The Volkswagen Transporter is celebrating its 65th birthday, although its conception goes back to 1947 and owes everything to Dutch car importer Ben Pon…

WANDERING AROUND the Volkswagen factory in Wolfsburg, Germany in 1947, Dutch car importer, Ben Pon, saw a flat-bed vehicle tucked away in a corner and drew a simple sketch combining a flat-bed truck with the styling of a VW Beetle. Or so the legend goes…

Two years later (1949), Volkswagen Plant Manager, Heinrich Nordhoff, presented four prototypes: two panel vans, a kombi and a small bus, saying: “These vehicles won’t be handled with kid gloves, rather they will be treated roughly.”

To keep costs of the Transporter down, engineers used the engine and axles from the Beetle. Instead of a central tubular frame of the popular family car, the bus had a unitised body that was mounted on a ladder frame. The 1.1-litre engine produced 18kW at 3300 rpm. The bus could transport up to eight people and the two rear seat rows could be removed easily to free up load space for around 750kg of payload.

Volkswagen transporter turns 65

Production began on 8 March 1950, in Hall 1 of the Volkswagen plant in Wolfsburg, and 10 vehicles were being turned out each day. By the end of 1950, 8001 Transporters had already been built. But demand for the robust Transporter began to outstrip supply, so production was increased and just four years later the 100,000th Transporter rolled off the line (1954).

But it was in 1951 that the real ‘revolution’ occurred, when Volkswagen added a camping box to a Transporter bus – the notion of work and play in a vehicle became a reality and when ‘hippies’ discovered the thing and headed to India driving them, well, its fate was sealed and it quickly headed towards becoming a motoring icon.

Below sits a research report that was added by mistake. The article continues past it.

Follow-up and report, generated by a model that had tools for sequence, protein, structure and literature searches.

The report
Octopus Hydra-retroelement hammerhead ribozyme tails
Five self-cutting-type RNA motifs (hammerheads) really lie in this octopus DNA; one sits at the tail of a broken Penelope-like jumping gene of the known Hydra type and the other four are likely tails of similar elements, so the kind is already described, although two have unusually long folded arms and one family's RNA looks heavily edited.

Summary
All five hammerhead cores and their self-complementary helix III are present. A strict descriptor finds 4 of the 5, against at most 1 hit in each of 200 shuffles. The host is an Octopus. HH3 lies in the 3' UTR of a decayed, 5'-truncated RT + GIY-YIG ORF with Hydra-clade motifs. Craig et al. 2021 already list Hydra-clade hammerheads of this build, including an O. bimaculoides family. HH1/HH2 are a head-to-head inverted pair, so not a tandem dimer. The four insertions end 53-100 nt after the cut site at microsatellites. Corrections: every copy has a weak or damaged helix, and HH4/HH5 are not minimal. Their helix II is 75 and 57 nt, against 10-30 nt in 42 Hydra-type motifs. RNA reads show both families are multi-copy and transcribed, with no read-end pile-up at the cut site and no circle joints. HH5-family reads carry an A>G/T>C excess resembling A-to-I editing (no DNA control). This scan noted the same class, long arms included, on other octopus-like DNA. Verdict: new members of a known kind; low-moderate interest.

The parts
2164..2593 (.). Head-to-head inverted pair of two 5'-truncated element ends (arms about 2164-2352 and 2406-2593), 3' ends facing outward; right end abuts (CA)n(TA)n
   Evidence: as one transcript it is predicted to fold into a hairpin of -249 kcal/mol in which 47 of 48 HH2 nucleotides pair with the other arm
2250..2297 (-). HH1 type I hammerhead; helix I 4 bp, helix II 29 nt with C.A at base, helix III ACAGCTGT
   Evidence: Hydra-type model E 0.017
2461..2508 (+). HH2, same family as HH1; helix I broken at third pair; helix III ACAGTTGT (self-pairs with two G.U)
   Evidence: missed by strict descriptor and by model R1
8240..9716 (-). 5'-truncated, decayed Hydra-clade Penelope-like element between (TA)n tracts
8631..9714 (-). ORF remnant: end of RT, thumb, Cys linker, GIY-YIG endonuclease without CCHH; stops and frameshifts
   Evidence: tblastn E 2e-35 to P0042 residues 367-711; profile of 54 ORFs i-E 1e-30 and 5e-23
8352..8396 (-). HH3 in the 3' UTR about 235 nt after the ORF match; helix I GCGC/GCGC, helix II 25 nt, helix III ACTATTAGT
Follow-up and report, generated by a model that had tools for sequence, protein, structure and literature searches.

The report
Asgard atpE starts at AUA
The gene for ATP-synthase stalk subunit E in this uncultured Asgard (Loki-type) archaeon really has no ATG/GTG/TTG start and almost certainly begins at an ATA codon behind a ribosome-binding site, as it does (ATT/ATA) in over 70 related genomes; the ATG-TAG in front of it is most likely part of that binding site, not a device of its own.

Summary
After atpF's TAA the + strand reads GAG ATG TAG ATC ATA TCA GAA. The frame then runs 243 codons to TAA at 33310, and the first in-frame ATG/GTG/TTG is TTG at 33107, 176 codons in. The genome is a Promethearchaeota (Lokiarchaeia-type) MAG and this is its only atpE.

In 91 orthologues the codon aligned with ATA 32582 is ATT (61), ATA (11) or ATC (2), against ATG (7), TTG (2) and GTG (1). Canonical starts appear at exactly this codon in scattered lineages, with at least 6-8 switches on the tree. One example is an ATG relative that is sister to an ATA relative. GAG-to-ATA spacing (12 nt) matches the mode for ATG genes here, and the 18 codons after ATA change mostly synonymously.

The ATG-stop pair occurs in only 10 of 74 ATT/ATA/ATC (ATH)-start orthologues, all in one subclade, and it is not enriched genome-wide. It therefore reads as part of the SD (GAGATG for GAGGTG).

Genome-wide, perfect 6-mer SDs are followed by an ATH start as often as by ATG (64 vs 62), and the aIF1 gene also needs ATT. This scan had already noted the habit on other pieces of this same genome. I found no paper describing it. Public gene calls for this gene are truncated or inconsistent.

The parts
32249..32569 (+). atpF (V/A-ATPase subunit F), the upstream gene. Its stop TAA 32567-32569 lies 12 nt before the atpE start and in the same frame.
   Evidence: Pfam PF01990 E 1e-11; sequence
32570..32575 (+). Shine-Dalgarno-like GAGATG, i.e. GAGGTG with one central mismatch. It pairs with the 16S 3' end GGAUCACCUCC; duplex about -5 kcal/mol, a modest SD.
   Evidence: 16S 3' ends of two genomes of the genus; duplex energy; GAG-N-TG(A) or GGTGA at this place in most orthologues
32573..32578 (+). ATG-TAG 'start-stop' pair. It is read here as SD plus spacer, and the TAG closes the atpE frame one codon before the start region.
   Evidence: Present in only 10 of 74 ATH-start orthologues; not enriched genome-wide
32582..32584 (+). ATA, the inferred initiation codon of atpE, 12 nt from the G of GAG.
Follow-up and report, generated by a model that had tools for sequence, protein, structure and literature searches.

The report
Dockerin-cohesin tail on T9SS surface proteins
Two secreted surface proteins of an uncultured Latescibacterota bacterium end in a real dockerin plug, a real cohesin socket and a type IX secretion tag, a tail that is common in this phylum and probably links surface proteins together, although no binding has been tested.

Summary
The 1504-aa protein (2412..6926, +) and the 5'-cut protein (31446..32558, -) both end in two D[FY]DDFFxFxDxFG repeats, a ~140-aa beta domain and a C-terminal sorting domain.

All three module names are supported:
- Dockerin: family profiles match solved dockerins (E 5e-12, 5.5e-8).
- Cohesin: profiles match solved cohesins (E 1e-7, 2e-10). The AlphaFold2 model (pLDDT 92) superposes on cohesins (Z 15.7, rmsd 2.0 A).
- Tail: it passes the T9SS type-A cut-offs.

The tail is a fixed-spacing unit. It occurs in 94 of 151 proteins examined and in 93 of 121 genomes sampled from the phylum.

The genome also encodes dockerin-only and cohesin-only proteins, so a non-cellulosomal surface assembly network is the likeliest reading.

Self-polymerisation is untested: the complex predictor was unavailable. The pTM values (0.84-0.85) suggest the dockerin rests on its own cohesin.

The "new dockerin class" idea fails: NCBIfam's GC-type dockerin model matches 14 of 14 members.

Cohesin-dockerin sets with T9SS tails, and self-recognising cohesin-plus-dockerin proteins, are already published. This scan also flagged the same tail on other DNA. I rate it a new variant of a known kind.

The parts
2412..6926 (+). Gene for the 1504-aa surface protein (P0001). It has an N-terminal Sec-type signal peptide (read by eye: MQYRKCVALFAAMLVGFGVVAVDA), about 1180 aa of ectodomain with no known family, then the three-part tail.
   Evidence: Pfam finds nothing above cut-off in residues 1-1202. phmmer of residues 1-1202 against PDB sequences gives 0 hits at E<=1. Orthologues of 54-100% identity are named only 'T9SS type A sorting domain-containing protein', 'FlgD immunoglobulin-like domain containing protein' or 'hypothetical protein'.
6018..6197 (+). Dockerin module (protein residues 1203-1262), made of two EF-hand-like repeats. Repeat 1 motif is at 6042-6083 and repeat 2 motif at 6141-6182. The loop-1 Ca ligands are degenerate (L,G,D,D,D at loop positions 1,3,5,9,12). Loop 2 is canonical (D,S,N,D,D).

Volkswagen transporter turns 65

In 1954 there were 30 different variants of the Transporter and daily production at Wolfsburg was 80 units per day. Production was at maximum capacity, especially with the Beetle also being produced out of the same facility. 

Construction of a new plant began in 1955 at Hannover-Stöcken, and the plant was built from the ground up in just one year. In March 1956, the first “Made in Stöcken” Transporters come off the assembly line.  Today, a total of 11 million T-series vehicles spanning five generations have been produced worldwide.

Volkswagen transporter turns 65

Dr. Eckhard Scholz, Chairman of the Brand Board of Management of Volkswagen Commercial Vehicles, said: “The production launch of the T1 represented the beginning of a long success story that has lasted right up to today. In the past, as well as the present, there is market demand for extremely reliable, versatile and individual vehicles. We deliver them in top quality and precisely tailored to every need – whether the vehicle is for trades work, a retail or service business, family or recreation.”

The Transporter story continues this year with the launch of an all-new Transporter T6. It will likely be available in Australia in 2016.


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